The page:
Saturday, April 01, 2006

A Fabulous Dinner at Georgette's
With Thanks to Elise!

Last night I went to dinner at the home of my friend Georgette, who is really a great cook. You might recognize her name from Georgette's Greek Zucchini and Georgette's Really Lemony Greek Pilafi, just two of the much-used recipes I've gotten from her. We were having dinner partly to celebrate her new condo, which was just beautiful.

Georgette served a wonderful Basque Lamb Stew, which I'm sorry I did such a messy job of plating in the photo above. I have a hard time focusing on my food photography when I'm sharing a great dinner with friends, but I think you can see that it looks delicious. She accompanied the lamb with pilafi made with Uncle Ben's Converted Rice, a low glycemic-index rice which is great for the South Beach Diet, and some lovely asparagus.

The lamb was so incredible tasting that I asked Georgette if I could take a photo and write about it on my blog. But when she got the recipe and I saw where it came from, I realized that we should have toasted Elise from Simply Recipes at this dinner. The lamb was Elise's recipe for Basque Lamb Stew, which I recommend you make as quickly as you can get your hands on some lamb! This was such a complex blend of flavors and tasted amazing.

Not only that, but the asparagus was Georgette's variation of the Perfect Way to Cook Asparagus, a recipe I had also gotten from Simply Recipes last summer when I was just starting to read the food blogs. Georgette was one of the friends I made the asparagus for then, and they had urged me to put a link to it on my blog. Last night I took mental notes as Georgette added a little fresh lemon juice and some slivered almonds to the original recipe, for her own version. The crunch of the almonds was delightful, and the fresh lemon juice delightfully upped the lemony flavor of the lemon zest. I had served the original version of this great asparagus at the Utah Food Bloggers Dinner, and I love both versions.

Another great dinner with interesting, intelligent, and funny women friends. In my mind, it's a great way to spend an evening.
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10 comments:

  1. That's not bad plating. It looks wonderful!!!!!

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  2. Sher, you are too kind. I spilled a bit and didn't wipe it off that well, but it was so fantastic tasting.

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  3. Kalyn, the food looks amazing! Love the vivid colors...AND the plates :) Please tell your friend Georgette that those dinner plates are gorgeous: I happen to have many of them in different colors :)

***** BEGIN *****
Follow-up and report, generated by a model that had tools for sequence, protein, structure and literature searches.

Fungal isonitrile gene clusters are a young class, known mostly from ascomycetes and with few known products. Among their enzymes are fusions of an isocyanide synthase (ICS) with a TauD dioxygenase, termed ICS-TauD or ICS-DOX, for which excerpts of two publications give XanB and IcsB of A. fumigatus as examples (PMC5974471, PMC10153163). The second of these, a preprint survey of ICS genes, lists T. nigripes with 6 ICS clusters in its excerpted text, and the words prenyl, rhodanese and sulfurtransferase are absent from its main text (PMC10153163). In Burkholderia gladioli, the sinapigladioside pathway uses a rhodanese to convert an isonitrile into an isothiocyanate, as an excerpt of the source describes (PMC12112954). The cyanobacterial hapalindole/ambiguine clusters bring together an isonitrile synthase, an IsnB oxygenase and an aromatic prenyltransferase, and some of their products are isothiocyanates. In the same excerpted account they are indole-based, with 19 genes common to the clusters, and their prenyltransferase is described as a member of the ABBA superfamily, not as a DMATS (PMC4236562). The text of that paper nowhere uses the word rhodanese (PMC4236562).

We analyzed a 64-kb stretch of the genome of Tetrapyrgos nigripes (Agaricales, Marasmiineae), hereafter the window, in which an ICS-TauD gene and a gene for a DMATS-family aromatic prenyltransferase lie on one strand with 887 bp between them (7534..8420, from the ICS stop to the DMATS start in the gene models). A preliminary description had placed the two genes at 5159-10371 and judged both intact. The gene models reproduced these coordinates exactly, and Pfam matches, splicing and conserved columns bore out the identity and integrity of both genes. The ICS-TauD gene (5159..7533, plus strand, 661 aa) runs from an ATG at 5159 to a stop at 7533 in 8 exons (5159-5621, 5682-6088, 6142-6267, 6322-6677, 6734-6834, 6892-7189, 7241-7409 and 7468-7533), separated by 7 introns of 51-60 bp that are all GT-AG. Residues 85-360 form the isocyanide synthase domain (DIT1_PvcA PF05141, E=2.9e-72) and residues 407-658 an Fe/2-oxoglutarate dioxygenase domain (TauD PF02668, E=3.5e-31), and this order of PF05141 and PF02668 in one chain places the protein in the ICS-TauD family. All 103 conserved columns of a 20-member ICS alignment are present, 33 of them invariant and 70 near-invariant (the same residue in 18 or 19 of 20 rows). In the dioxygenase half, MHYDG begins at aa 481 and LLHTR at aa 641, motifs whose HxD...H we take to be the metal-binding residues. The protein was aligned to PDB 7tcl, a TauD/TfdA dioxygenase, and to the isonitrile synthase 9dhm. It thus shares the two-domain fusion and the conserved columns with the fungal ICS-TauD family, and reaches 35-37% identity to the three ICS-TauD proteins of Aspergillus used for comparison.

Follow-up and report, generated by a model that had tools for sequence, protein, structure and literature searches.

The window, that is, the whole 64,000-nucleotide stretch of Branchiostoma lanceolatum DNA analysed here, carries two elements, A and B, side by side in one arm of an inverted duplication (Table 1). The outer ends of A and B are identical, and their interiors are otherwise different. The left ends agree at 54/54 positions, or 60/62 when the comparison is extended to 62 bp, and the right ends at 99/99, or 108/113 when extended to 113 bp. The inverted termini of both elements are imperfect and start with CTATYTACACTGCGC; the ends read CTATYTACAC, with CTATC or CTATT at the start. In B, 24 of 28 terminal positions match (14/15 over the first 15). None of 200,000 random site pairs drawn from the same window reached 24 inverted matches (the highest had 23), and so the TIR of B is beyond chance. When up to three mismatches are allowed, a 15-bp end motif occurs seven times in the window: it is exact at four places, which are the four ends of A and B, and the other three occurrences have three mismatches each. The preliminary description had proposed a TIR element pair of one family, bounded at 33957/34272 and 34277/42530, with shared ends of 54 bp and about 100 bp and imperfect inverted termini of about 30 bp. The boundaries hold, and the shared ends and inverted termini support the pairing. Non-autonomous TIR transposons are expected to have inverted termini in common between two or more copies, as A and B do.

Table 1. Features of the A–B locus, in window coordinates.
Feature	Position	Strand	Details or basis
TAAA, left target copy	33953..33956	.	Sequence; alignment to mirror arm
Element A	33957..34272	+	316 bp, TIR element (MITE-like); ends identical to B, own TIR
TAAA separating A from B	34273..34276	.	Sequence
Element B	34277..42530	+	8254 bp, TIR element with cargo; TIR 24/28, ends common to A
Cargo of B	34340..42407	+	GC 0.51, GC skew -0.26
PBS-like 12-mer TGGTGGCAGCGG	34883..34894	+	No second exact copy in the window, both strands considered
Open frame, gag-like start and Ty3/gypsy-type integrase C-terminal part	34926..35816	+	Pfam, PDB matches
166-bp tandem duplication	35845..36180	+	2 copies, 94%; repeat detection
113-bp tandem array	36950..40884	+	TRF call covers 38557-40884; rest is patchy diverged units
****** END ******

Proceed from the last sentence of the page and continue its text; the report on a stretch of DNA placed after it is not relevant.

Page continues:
M

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  4. Hi Kalyn, I told my mom and dad about your story and they both had a good chuckle. It is a good recipe, isn't it? So glad that you and Georgette enjoyed it. Please give her my best regards.

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  5. Kalyn, the plating is just perfect! Absolutely nothing wrong with it. I know what you mean about taking food photos when amongst friends - one can get so distracted. lol.

    The photo looks yummy.

    I'll echo melissa on those plates... and they're green - need i say more?

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  6. Oh man, lamb ... baaahh, it looks so delicious! I love lamb and I love that recipe. Elise & Georgette are genuises. By the way, just decided that I do have time to participate in WHB this week so I will be emailing you the link shortly.

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  7. Hi Kalyn,

    (tried to post a few days ago but my computer hiccuped and it was lost). I was wondering about how rice and pasta can be made low-carb. I know very little about the low-carb phenom (Italy is still solidly focused on the Mediterranean diet:D) So to me, it seems like rice and pasta ARE carbs. How do they get the carbs out?

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  8. Hi Susan,
    Thanks for the question. It's a complicated answer. The South Beach Diet is actually based on the glycemic index, which is how fast the food is turned to glucose in your body. Certain types of rice (Uncle Ben's Converted Rice especially) and Pasta (Dreamfield's Pasta) are lower on the glycemic index. I don't fully understand the science behind it, but for the rice it is the parboiling treatment (the "converting" that keeps in more vitamins and makes the rice slower to digest. For the Dreamfield's pasta, there is more protein and fiber included with the flour when the pasta is produced. I use the term "lower carb" kind of interchangeably with "lower glycemic" just because a lot of people are not familiar with the glycemic index, but a more accurate description for the pasta would be lower "net" carbs, which are the carbs that are digested by the body. Anything that is fiber is subtracted from the total carb count in figuring net carbs. Hope this is helpful. Nice to hear from you.

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  9. Great post, and what a coincidence. I have so much lamb stew meat in the freezer I need to use up, and I have been wanting to make Elise's recipe ever since it landed in my inbox. Now I definitely need to try it!

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Thanks for joining the conversation! I love hearing from readers and even though I can't always reply to every comment, I will always answer specific questions on a recipe as soon as possible.

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